Asus X99-A - Games Weekly

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Thursday, December 11, 2014

Asus X99-A

There’s no denying that the X99 platform is a powerful one. It’s expensive, but it is immensely more current than the aged X79 chipset it has replaced. Power users from a performance and features point of view have never had it this good.

We had hoped that with the X99 chipset it would allow all vendors to undo the great tragedy that was the vast majority of X79 motherboards. Officially, the only worthwhile X79 motherboards were from ASUS and a single offering from EVGA in the form of the X79 Dark. Everything else was nothing short of disappointing and most of the boards just didn't work properly at all.

With the X99 chipset, most vendors have come to the party prepared, but again ASUS has managed to up the ante and, even this early in the game, are ahead of the competition. Do not mistake this as saying there aren’t any competent X99 motherboards on the market from competitors. There are and many are good boards, but the ASUS range is just better. This isn’t from a features perspective, at least not in non overclocking features. It’s literally in memory compatibility. You see, the thing is that technically, all boards adhere to the DDR4 spec and Intel CPUs which only call for 2,133MHz compatibility. Thus, everything else above that is optional. In reality though, that is hardly a frequency that warrants switching to DDR4. You may as well make use of very early DDR3 modules and platforms. No, what we want as power users, enthusiasts and gamers is the best performance possible and that means speeds at the very least above 2,666MHz.

The ASUS X99-A, like its brethren, not only achieves this, but will easily run 3,200MHz sets out the box. A feat that thus far only the Rampage V Extreme and less than a handful of others can claim. Every other motherboard needs manual tuning and some won’t even reach that memory speed. Like with the other stablemates though, the X99-A goes further and allows you to overclock what is called the UNCORE of the CPU much higher than any other competing motherboards. This isn’t a few MHz, but more like in the 1GHz region and sometimes more. Granted not many users will buy this board and use those frequencies daily, but you’ll be happy to know that you can tap into that additional performance on this motherboard should you so desire. This tuning is not limited to the competitive scene solely, as these differences are apparent when using regular air cooling as well.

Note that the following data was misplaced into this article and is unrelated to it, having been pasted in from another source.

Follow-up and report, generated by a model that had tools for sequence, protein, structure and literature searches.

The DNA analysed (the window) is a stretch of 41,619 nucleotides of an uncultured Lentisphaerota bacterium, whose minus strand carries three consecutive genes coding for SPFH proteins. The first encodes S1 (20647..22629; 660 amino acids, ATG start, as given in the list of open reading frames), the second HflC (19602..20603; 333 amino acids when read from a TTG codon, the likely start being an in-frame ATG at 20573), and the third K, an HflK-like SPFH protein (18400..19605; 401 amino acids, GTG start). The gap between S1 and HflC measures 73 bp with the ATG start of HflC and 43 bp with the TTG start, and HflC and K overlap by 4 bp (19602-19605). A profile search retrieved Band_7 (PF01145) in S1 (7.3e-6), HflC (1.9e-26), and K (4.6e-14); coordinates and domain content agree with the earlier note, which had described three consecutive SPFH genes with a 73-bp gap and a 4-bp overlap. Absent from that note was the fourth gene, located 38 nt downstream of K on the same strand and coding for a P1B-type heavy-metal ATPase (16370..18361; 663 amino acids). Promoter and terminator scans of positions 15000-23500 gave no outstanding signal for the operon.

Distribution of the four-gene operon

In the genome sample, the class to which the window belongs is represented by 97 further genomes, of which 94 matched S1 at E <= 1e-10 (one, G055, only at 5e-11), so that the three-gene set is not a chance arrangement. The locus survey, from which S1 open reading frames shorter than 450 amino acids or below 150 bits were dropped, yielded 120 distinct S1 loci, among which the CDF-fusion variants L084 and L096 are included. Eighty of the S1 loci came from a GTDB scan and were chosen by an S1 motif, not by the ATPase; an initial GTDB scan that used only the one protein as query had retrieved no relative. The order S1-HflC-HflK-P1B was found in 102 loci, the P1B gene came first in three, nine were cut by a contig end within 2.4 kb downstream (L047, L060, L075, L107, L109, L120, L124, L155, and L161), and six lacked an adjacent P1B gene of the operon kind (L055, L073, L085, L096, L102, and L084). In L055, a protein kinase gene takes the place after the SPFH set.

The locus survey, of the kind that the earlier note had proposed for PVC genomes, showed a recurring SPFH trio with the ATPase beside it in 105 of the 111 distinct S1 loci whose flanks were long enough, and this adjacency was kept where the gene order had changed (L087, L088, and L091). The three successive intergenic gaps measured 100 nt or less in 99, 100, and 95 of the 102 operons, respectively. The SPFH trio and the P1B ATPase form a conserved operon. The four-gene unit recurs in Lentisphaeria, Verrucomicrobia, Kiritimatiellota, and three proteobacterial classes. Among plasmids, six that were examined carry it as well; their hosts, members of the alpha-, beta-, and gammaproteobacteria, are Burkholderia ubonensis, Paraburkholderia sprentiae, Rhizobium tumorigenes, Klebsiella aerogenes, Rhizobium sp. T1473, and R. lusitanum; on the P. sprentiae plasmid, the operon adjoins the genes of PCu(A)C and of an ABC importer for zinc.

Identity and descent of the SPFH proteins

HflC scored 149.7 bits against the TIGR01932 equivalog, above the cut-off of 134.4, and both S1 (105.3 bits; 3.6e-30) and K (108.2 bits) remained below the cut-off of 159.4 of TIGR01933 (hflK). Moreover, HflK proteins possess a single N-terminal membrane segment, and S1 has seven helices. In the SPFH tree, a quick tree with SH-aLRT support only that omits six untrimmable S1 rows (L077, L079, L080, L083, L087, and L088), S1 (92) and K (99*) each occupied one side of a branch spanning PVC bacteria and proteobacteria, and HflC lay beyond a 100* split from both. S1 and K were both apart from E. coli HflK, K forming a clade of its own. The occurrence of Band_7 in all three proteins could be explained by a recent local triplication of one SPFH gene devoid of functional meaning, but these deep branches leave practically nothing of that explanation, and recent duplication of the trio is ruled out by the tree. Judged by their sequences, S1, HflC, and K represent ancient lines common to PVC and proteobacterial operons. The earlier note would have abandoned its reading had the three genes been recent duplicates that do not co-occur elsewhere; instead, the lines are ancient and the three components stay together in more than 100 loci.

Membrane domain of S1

Now, if you match the high memory frequency compatibility and the impressive UNCORE overclocking, you end up with a motherboard that is easily the fastest we’ve tested. The most intriguing thing about this is that this is the budget board from the entire ASUS range. Thus you can imagine how much better the DELUXE and most certainly the Rampage V board is. For those who may want to exploit this advantage the ASUS motherboards have, be advised that on the X99-A, there is only one 12V CPU connector. Given just how much current the 5960X CPU can draw, the system may trip the PSU which, if it’s a good PSU will register as a power surge. There is a way around this but it requires a dual 12V CPU connector plug, which you would then plug into this motherboard. GIGABYTE for instance provide this connector on their SOC-Force motherboards, but it does not ship with the X99-A. On the Rampage V Extreme, this plug isn't necessary because it has two CPU 12V power connectors, thus allowing the system to load multiple 12V lines simultaneously.